Area's crops, yields took beatings this season
Expert: 'The wheat is gone'
After an extremely wet season and severe flash flooding, Barry County farmers were dealt a heavy hand on this season's crops.
First, hay couldn't be baled because of wet weather conditions and lack of sunshine, which then negatively impacted corn, wheat and soybean planting.
For those who did get hay baled, or baled late, flash flooding washed away hay, destroyed fences and flooded fields with gravel, affecting farmers' yields and bottom lines.
"Hay has just been a challenge all around," said Tim Schnakenberg, regional agronomy specialist who covers six counties, including Barry. "I don't think we can expect high quality hay this year as a whole. A lot of hay was late to be harvested, and as as result, the quality is going to be compromised.
"If hay gets wet in a flood, there's not a lot of salvaging. Some of it got washed down the river and some got saturated. You really can't salvage a lot once it gets flooded. Hopefully, it didn't affect a lot of people. But, those that do have hay on river bottoms, it affected."
Schnakenberg said after the water receded, much of that hay was dirty with silt, which lowers quality.
"On the flip side, with all the moisture we've had lately, some of that regrowth has been really good and there have been some really good second cuttings," he said. "There's good and bad with every situation."
Farmers also took a serious hit on wheat after rain and moisture resulted in a widespread wheat disease called Fusarium scab, also known as head scab, making in unsafe for livestock or human consumption.
"The wheat is gone," Schnakenberg said. "It was a disaster. It's just a bad year for Fusarium scab. You have to be careful what livestock and people you feed that to. That was a real issue, so there wasn't a lot of money to be made for the farmers this year."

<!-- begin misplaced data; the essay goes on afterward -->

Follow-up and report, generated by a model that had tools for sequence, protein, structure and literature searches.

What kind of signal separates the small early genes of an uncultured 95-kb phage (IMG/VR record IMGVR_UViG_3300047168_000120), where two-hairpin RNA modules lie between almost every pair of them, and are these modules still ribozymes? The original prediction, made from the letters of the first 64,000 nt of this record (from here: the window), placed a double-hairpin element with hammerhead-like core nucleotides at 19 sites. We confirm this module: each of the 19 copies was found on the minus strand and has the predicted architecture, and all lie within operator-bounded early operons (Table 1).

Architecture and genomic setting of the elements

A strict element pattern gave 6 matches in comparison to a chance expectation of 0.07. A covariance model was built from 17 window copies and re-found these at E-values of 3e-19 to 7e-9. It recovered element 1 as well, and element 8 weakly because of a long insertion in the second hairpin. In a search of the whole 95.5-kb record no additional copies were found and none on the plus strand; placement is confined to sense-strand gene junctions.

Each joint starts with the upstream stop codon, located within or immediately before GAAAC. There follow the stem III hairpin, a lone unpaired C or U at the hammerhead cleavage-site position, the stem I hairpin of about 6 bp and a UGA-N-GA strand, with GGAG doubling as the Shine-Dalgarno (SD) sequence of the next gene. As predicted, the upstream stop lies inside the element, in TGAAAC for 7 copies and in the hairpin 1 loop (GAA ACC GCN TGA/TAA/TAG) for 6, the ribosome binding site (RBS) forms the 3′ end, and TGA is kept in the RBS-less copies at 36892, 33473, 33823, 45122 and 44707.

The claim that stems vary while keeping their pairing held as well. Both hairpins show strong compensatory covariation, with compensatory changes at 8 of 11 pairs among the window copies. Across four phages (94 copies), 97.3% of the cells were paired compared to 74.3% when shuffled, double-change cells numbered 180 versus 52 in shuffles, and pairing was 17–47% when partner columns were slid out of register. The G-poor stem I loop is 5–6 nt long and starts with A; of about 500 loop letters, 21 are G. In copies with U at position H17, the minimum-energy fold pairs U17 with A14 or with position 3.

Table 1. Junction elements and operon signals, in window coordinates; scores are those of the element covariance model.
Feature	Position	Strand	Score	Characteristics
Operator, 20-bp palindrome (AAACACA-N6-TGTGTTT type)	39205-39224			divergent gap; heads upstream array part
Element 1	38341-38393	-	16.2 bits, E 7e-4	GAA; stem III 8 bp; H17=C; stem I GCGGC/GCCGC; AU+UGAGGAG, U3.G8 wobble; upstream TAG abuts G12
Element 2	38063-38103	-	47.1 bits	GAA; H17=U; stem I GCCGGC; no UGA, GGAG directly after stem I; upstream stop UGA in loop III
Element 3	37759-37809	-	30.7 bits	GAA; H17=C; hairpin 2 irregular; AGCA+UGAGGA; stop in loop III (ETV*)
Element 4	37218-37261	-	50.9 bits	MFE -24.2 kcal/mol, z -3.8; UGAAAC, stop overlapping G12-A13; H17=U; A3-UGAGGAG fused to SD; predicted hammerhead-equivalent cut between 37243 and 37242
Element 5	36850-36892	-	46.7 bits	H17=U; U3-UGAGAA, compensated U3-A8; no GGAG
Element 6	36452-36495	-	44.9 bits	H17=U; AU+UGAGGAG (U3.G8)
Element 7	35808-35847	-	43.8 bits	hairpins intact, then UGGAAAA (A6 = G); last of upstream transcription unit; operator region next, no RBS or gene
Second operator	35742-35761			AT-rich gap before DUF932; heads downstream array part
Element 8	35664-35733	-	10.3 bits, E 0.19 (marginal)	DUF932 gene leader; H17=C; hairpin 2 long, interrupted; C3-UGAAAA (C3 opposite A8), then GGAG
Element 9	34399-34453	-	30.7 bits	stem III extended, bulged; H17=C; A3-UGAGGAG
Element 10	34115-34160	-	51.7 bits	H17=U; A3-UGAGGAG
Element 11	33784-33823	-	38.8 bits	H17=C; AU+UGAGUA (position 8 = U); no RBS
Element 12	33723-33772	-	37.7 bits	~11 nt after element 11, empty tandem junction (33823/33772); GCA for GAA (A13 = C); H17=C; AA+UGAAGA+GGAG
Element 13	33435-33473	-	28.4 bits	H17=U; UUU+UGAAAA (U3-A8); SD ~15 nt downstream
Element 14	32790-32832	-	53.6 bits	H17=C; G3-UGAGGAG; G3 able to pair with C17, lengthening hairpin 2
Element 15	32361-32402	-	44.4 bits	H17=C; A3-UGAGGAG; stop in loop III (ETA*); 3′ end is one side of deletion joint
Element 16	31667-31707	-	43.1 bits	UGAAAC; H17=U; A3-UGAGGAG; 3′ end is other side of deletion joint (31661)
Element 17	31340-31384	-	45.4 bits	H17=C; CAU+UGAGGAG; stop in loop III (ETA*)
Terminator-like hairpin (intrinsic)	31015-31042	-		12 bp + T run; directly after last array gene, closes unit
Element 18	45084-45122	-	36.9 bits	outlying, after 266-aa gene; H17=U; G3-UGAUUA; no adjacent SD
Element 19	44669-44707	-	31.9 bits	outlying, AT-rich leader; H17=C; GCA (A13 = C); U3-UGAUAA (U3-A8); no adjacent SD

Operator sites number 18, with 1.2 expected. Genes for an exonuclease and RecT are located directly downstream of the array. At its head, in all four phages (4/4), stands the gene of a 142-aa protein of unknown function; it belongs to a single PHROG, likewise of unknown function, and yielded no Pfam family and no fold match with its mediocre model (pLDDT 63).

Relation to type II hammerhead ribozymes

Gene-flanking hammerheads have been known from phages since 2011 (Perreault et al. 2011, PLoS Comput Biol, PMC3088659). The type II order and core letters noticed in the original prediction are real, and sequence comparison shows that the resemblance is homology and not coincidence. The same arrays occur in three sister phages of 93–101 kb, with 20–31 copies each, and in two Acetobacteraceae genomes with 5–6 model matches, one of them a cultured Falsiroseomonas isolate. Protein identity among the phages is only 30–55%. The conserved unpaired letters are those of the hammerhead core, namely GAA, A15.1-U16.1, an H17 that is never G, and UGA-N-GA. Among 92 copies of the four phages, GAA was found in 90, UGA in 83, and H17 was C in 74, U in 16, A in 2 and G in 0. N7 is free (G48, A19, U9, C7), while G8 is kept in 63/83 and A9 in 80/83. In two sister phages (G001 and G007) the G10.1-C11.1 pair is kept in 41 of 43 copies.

Soybean and corn crops held a mixed blessing, Schnakenberg said.
"With the moisture, we had a lot of good growing conditions for the corn and soybeans," he said. "The corn is very rusty however. It's a result of high humidity, overcast skies and frequent rainfall. We did have some farmers that sprayed for fungicide and for those you can see a difference. What's really obvious is the orange color [from the rust] and that's going to impact yield a little bit so that's a concern."
Schnakenberg said soybeans were planted relatively late because of wet conditions, so there's always a risk they will not fully mature before the first frost.
"We hope there will be a later frost this year to help them develop more," he said.
Weed control has been another problem. Schnakenberg said many of the calls he's received lately have been related to cocklebur, ragweed, pigweed and Johnson grasses, due to the excessive rain and moisture.
"Farmers can brush hog them, but then they come right back," he said. "There's been questions about spraying this late in the season, but weed problems in pastures have been really horrendous because of all the moisture. Usually, warm temperatures tend to bring it on. There are challenges every year, just different ones."
Although there has been loss, one bright spot is farmers were able to request assistance through the emergency conservation program after the governor made a disaster declaration. The federal program cost-shares with landowners by reimbursing them for a percentage of expenses for their losses.
"We requested the program and have gone out and made appraisals," said Brian Blount, Barry-Lawrence County executive director the Farm Service Agency, a branch of the USDA. "We're calculating the appraisals and until we get that taken care of and they get the work done, we're not going to get any money."
Blount said it could take up to six months for the process to play out.
"I don't think it will take that long, but they've got that long if they need it."
For those who have livestock, replacing fences cannot wait that long.
"They'll put them in a different field," Blount said. "Some have finished their fences, but have gravel in their field. I think that's taking the most time."
Gerald Hrdina, conservation specialist with the state of Missouri, also said funds were dependent on the work being completed.
"They were approved for the program but have not received funds yet," Hrdina said. "They cannot request funds until the signup period has ended. Then, they request funding from the national office. It's normally takes about 60 days, and they were approved around the first of August.
"We have to go out and inspect the damage before and after to verify that the money has been earned. The bottom line is, the program is dependent on the landowners to get the work done before we can issue any kind of cost-share payments."
Hrdina said replacing fencing, and gravel removal from hay and pasture fields is a primary practice of the cost-share program in flooding situations.